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2.4 lakh pieces of plastic found in every liter of bottled water

Arshad Khan

Health conscious people generally avoid tap water.

Health conscious people generally avoid tap water. They drink bottled water or mineral water. Drinking bottled water may avoid risks such as contamination, but there are other health risks that can cause greater harm in the long run.

A new study has revealed that one liter of bottled water contains an average of 240,000 plastic particles. Researchers say many of the plastic particles have not been identified before. The health concerns associated with plastic pollution are being dramatically overlooked. In a report of the Indian media NDTV, various information about this research has emerged.

The research report was published on Monday in the journal Proceedings of the National Academy of Sciences. This study is the first to test the presence of nanoplastics in bottled water. Nanoplastic particles are less than one micrometer in length, which is about 70th the width of a human hair.

According to the study, bottled water may contain up to 100 times more plastic particles than previously estimated, as previous studies only looked at microplastics, or plastic particles 1 to 5,000 micrometers in length.

Nanoplastics are more harmful to human health than microplastics. Because nanoplastics can enter human cells, mix with blood and affect body organs. Nanoplastics can also enter the body of the unborn child. Scientists have long suspected the presence of nanoplastics in bottled water. But could not prove it due to lack of technology to detect individual nanoparticles.

To meet this challenge, researchers developed a new microscopic method. They programmed a data-driven algorithm and analyzed about 25 one-liter bottles of water from three popular US brands using these two methods. In each bottle, researchers found between 100,000 and 370,000 tiny plastic particles. 90 percent of these were nanoplastics.

Nijin Qian, lead author of the study and a chemistry student at Columbia University, said the research will serve as a powerful tool to address challenges in nanoplastic analysis. This research will help address the knowledge gap on plastic pollution at the nano level.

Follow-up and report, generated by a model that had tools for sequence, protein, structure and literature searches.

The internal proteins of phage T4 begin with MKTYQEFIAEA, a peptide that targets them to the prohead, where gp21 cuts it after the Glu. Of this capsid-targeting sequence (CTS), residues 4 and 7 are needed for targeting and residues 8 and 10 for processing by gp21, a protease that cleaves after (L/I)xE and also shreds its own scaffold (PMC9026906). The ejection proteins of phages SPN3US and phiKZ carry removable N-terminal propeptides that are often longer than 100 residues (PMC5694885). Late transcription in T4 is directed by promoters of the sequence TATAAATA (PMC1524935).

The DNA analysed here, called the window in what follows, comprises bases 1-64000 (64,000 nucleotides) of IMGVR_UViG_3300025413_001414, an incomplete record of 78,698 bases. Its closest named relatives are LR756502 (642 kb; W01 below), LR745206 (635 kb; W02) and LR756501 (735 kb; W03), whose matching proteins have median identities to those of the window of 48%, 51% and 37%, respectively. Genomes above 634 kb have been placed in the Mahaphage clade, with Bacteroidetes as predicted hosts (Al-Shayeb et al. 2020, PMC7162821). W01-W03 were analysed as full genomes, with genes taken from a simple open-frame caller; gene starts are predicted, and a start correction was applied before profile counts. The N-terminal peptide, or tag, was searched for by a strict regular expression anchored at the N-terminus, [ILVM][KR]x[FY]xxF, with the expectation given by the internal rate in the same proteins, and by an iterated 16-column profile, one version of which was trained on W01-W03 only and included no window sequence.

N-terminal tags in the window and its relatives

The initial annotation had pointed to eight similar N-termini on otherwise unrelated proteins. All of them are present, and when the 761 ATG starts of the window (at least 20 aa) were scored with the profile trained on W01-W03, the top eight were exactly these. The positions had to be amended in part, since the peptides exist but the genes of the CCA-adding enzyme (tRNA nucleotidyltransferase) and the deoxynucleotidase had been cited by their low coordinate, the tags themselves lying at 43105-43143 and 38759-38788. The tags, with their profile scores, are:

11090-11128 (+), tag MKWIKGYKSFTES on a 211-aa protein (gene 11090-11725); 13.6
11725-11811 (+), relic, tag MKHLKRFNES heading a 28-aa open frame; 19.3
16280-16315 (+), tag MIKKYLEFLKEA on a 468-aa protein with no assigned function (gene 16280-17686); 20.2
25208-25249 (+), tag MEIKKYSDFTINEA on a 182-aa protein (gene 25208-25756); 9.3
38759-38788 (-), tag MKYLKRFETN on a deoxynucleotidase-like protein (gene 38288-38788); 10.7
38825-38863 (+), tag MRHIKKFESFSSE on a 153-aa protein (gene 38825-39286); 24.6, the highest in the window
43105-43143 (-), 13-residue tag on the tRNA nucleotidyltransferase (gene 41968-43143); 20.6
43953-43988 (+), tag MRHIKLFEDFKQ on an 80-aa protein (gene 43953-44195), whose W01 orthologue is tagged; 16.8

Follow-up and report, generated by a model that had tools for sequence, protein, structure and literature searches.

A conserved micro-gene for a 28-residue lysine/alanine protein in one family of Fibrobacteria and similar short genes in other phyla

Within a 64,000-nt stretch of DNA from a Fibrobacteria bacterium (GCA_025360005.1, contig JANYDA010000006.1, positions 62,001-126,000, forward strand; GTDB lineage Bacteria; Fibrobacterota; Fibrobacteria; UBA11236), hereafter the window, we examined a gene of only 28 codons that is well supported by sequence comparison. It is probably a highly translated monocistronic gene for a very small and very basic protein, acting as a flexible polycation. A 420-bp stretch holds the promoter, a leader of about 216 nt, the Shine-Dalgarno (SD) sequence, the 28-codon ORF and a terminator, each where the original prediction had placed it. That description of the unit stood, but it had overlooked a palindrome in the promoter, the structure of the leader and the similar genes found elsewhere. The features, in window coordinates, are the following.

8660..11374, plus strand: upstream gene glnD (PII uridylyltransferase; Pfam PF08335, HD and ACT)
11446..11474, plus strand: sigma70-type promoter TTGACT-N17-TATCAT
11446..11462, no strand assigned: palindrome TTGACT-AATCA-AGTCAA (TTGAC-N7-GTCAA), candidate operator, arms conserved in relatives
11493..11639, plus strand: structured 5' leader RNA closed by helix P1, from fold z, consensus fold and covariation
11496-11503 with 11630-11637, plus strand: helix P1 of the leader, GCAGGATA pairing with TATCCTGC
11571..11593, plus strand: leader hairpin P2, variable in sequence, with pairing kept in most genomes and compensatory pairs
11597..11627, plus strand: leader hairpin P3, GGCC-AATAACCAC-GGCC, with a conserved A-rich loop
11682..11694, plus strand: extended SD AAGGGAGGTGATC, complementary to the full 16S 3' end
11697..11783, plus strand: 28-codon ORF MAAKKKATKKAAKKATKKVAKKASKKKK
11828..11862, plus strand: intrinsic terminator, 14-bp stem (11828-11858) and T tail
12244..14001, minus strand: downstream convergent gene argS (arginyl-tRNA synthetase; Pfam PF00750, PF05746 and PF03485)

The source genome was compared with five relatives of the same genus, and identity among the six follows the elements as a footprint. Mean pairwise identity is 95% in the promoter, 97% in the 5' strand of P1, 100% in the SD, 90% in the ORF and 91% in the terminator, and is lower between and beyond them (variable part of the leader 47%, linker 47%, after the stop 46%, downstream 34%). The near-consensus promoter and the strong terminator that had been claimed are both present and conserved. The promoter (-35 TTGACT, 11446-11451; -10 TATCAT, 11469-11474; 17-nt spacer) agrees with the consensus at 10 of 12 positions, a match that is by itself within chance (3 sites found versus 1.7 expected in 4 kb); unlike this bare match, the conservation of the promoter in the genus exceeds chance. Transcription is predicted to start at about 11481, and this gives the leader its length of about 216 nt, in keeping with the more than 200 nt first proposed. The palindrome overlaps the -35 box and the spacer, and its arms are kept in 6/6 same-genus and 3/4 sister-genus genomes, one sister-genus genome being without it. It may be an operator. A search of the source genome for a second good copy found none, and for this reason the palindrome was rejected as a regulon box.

Beizhan Yan, a co-author of the research report and an environmental chemist at Columbia University, said there was no information on this before. Toxicology studies used to only speculate about what substances might contain. Through this research, such a door of knowledge will be opened which was not revealed to us before.

The researchers analyzed seven types of plastic. These include polyethylene terephthalate (PET), from which most water bottles are made, and polyamide, which is used in water purification filters before bottling. In addition, scientists have discovered many nanoparticles in water that were not known before. If these are also nanoplastics, then the presence of plastic in bottled water will prove to be much more.

More than 450 million tons of plastic are produced worldwide each year, most of which ends up in landfills. A large proportion of plastic does not degrade naturally. But with time, this plastic turns into tiny particles. Small plastic particles are also shed during use of various products containing plastic, including synthetic fabrics.

Although there is plastic pollution in all parts of the world, scientists are particularly interested in bottled water because plastic particles can enter the human body through it. According to a research report published in 2022, bottled water has a higher concentration of microplastics than tap water. According to a research paper published in 2021, tiny plastic particles can mix in water just by opening and closing the plastic cap of the bottle.

The co-authors of the latest study say they will continue their research with bottled water. They also plan to study the presence of nanoplastics in tap water and Antarctic ice samples.

“There’s a huge world of nanoplastics to explore,” said Wei Min, a biophysicist at Columbia University and co-author of the study. The smaller the substance, the easier it is to enter our body.

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